Nine days wondering about prison deal or no deal

Jamaicans are good at getting excited about things, but just for a short while. The habit of having a ‘nine day wonder’ is common. The past nine days have been consumed by the badly managed announcement that Britain and Jamaica are cozying up to build a new prison in Jamaica, part-paid by the UK government, but on the condition that it be used to house at least up to 300 ‘Jamaican’ prisoners currently serving time in Blighty.

During these past nine days, we’ve heard a lot about how insulted we were by the British PM not only coming to give us this (wrongly termed) ‘gift’, but also telling us, and the rest of the world who feel aggrieved by the harsh history of trans-Atlantic slavery that we should “move on” from its painful legacy. I have no idea what he really meant. Suffice to say, that because he was ready to tell survivors of the Jewish Holocaust recently that the world should never forget their pain and suffering, means that his ‘move on’ suggestion had more than the bitter taste of gall.

But, the British PM left behind not just that bitter taste, but the now swirling storm over the new jailhouse.

My view is that, uncommon for diplomatic visits, which usually have a good dose of complimentary words and good karma associated with them, this recent landing by the British PM has turned into a PR disaster. It got that way from its beginning. The idea of not allowing the local media to question him was a mistake (how big depends on where you stand). Dissembling by the British High Commissioner about whose idea it was showed up the very thin layer of constant ‘pulling of wool over people’s eyes’ that is all too common in politics. Scrambling around to make the deal sound good for Jamaica could be the beginning of the end of some political careers. The whole thing is getting messy and like the broken egg, it’s contents can’t be put back into the shell. But, let’s try to get a few things straight.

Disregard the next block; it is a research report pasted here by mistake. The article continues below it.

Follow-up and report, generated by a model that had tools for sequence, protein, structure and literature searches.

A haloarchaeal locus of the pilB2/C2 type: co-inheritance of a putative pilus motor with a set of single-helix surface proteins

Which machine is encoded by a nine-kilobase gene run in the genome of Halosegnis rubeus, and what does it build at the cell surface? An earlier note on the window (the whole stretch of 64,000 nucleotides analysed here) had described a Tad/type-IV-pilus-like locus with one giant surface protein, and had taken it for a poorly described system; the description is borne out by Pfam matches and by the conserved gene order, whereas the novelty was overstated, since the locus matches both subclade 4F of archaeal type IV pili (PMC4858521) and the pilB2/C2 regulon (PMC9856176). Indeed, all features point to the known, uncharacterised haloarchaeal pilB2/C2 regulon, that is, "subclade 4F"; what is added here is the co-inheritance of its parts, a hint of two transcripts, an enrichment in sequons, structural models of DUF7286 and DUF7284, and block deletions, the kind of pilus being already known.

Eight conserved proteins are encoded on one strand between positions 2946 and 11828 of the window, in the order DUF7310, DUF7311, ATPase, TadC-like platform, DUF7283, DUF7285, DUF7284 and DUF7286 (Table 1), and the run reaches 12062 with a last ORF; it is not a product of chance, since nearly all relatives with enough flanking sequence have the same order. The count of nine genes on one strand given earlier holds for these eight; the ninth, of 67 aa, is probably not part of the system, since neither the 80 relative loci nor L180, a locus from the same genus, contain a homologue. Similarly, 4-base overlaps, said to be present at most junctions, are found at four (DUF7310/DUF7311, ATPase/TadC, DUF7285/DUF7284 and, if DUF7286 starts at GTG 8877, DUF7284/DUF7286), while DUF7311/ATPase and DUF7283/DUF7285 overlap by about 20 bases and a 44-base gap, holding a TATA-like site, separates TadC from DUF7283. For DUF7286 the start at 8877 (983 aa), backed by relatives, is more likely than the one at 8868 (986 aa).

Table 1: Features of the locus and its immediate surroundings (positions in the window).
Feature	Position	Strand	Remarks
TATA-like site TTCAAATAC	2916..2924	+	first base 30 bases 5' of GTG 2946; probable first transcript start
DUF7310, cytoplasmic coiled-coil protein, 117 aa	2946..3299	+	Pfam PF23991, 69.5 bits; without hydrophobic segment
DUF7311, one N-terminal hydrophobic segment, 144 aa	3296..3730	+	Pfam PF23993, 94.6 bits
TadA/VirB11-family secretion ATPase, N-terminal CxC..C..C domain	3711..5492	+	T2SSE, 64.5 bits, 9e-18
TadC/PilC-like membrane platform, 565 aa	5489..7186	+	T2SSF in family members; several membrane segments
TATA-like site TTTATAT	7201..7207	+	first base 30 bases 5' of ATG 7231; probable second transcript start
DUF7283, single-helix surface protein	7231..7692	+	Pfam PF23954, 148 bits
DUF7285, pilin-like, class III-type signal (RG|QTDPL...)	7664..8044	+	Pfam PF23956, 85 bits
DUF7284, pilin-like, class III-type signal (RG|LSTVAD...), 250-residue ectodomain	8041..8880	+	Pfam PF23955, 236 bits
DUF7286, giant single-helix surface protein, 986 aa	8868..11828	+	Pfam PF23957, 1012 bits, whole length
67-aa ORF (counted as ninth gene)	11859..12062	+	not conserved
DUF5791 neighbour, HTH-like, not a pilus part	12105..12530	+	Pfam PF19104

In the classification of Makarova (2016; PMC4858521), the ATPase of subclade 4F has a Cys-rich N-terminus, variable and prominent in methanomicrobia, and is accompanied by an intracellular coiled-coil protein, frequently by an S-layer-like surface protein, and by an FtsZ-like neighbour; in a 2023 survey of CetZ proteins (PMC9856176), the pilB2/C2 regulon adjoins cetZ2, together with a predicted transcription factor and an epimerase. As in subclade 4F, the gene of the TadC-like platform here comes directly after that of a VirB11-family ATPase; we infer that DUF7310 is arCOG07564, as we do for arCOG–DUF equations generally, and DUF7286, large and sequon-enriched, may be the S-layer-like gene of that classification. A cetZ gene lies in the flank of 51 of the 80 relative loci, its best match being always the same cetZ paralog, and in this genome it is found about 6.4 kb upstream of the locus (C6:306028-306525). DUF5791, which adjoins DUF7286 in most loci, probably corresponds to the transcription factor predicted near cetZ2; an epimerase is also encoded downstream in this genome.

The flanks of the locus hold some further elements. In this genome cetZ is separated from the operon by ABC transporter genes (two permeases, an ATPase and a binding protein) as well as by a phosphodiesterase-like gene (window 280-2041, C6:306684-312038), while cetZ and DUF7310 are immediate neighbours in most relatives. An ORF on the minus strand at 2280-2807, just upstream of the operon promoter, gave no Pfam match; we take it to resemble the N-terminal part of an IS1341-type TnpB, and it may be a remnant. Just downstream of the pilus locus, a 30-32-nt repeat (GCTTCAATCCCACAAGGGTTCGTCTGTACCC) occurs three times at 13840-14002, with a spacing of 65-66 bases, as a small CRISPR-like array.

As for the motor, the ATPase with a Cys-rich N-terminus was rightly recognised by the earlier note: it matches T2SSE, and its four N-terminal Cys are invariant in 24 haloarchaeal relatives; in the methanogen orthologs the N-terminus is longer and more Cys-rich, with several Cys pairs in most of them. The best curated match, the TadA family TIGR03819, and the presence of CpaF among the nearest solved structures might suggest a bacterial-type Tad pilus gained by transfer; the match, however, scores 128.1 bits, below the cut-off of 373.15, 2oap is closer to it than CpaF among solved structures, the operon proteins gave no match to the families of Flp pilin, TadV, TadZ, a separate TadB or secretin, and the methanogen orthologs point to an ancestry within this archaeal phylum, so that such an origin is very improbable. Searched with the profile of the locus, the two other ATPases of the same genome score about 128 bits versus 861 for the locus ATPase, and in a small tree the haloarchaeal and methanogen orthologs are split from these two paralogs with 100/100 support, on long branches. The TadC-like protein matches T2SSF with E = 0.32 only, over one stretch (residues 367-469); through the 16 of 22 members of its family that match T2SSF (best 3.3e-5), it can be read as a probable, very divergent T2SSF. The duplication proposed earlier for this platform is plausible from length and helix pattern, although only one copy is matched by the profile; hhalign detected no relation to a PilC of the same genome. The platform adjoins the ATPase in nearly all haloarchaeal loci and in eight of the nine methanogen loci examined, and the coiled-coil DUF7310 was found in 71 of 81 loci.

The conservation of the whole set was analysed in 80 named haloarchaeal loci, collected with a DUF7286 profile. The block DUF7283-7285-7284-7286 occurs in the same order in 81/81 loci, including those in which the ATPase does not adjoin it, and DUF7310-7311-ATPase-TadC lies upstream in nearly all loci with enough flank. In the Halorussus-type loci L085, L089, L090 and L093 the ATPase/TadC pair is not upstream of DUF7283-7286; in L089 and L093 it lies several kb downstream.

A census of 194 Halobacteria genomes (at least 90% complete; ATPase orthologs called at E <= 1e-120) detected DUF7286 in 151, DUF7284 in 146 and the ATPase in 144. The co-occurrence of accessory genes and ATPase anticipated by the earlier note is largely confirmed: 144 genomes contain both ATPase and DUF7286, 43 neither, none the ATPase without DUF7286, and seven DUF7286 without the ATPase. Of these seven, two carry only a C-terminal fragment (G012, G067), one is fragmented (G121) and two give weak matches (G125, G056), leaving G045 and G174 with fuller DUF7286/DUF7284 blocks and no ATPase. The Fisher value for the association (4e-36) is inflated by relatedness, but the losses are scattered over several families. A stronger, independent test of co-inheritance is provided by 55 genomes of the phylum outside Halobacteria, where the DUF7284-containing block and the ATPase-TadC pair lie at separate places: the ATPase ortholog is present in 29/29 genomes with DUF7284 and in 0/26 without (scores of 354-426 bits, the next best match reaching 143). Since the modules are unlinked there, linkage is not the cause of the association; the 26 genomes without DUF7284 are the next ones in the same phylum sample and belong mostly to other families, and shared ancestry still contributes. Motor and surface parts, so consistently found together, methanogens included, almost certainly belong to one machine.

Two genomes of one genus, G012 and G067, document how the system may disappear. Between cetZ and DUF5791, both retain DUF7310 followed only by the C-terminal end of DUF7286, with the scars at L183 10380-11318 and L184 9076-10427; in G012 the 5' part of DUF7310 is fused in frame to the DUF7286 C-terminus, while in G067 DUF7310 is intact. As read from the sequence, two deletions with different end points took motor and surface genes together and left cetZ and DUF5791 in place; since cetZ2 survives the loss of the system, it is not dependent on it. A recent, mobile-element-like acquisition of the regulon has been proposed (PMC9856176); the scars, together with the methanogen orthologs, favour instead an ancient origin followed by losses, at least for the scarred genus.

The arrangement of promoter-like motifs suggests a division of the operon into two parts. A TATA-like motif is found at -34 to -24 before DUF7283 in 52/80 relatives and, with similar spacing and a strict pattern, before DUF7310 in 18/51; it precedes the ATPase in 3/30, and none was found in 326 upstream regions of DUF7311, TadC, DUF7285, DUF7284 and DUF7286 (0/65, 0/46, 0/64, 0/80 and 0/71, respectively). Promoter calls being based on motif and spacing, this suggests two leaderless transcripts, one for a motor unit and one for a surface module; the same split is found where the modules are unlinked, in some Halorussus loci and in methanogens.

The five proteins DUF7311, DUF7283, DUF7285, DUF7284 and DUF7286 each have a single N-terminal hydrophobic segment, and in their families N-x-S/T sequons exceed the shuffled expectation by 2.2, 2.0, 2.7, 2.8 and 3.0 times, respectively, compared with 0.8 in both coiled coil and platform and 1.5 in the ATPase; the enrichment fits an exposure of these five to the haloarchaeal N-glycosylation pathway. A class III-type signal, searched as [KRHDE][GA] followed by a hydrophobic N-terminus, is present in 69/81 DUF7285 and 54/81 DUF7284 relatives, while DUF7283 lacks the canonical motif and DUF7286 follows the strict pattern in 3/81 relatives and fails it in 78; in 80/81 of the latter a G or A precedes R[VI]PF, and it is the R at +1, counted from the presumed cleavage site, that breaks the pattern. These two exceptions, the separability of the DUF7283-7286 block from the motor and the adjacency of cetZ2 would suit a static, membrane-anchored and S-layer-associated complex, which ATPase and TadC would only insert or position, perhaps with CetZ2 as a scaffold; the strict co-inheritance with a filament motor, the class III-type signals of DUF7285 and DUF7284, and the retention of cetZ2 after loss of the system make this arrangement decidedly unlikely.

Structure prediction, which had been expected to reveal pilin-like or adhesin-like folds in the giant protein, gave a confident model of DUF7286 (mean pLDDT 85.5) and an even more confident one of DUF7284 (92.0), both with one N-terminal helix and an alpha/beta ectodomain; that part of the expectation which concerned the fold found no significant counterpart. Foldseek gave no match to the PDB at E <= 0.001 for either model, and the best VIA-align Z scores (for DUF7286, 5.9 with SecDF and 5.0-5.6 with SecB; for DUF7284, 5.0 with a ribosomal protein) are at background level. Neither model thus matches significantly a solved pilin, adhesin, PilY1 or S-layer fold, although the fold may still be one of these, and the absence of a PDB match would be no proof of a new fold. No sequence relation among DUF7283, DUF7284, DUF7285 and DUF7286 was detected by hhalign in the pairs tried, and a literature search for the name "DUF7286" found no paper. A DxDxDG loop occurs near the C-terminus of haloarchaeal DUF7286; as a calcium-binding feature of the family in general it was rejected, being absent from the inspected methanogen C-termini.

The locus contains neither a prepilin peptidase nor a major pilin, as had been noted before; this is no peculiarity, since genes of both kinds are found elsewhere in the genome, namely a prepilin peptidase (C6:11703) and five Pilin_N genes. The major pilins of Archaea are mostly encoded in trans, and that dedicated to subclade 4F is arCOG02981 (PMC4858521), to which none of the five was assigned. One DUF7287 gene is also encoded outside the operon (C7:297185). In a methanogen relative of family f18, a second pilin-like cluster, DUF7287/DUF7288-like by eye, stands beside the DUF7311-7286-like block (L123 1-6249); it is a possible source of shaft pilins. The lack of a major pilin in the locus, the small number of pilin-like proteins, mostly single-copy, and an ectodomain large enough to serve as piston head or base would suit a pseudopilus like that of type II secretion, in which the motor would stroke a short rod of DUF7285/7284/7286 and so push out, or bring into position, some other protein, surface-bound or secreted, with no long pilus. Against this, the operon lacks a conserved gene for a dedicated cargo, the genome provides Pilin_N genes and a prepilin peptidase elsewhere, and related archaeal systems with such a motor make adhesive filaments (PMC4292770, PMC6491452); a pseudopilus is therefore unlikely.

Jamaica needs new accommodation for those who’ve broken the law. It needs to find funding for that, during a time when the government’s freedom to spend is about as tight as it’s ever been. But, it needs to do those two things without there being any deal that one of the financiers should add the ‘sweetner’ of sending a batch of villains to take up some of the new spaces.

We can argue the toss about whether the villains are truly Jamaican or not. What’s clear is that they committed crimes in Britain, not Jamaica, and should be the burden of the British penal system, not Jamaica’s. Admittedly, in the supposed sifting of whether the potential prisoners should be sent from Britain (as they are already due to be deported after their time in the clink) will be whether they committed crimes in Britain which are also crimes here. But, the Brits want rid of them.

British political realities may make it easier for its PM to want to do, and been seen to do, something significant to (1) get rid of ‘foreigners’ in British jails; (2) save the British taxpayers a good amount of wonga; and (3) maybe, appear to do something positive for one/some of its former colonies. Truth is, those labeled as Jamaicans have a disproportionate place in British jails, and for crimes (especially violent and drug-related ones) that really don’t sit well with most people. Truth is, the British taxpayers wants to get an ease, just like most others would anywhere in the world. Truth is, the stinking prisons we have in Jamaica–dating from slavery days, in the 1700s and 1800s–were built and left here, unmodernized by the British, while in full control of the island. Whatever would become of relations between newly independent Jamaica and Britain was not something that anyone could see in a crystal ball. But, c’mon, those jails were decrepit for decades. Maybe, what Mr. Cameron meant with his “move on” remark was to get rid of the stinking pits that had been used to house Jamaican villains. Moving on…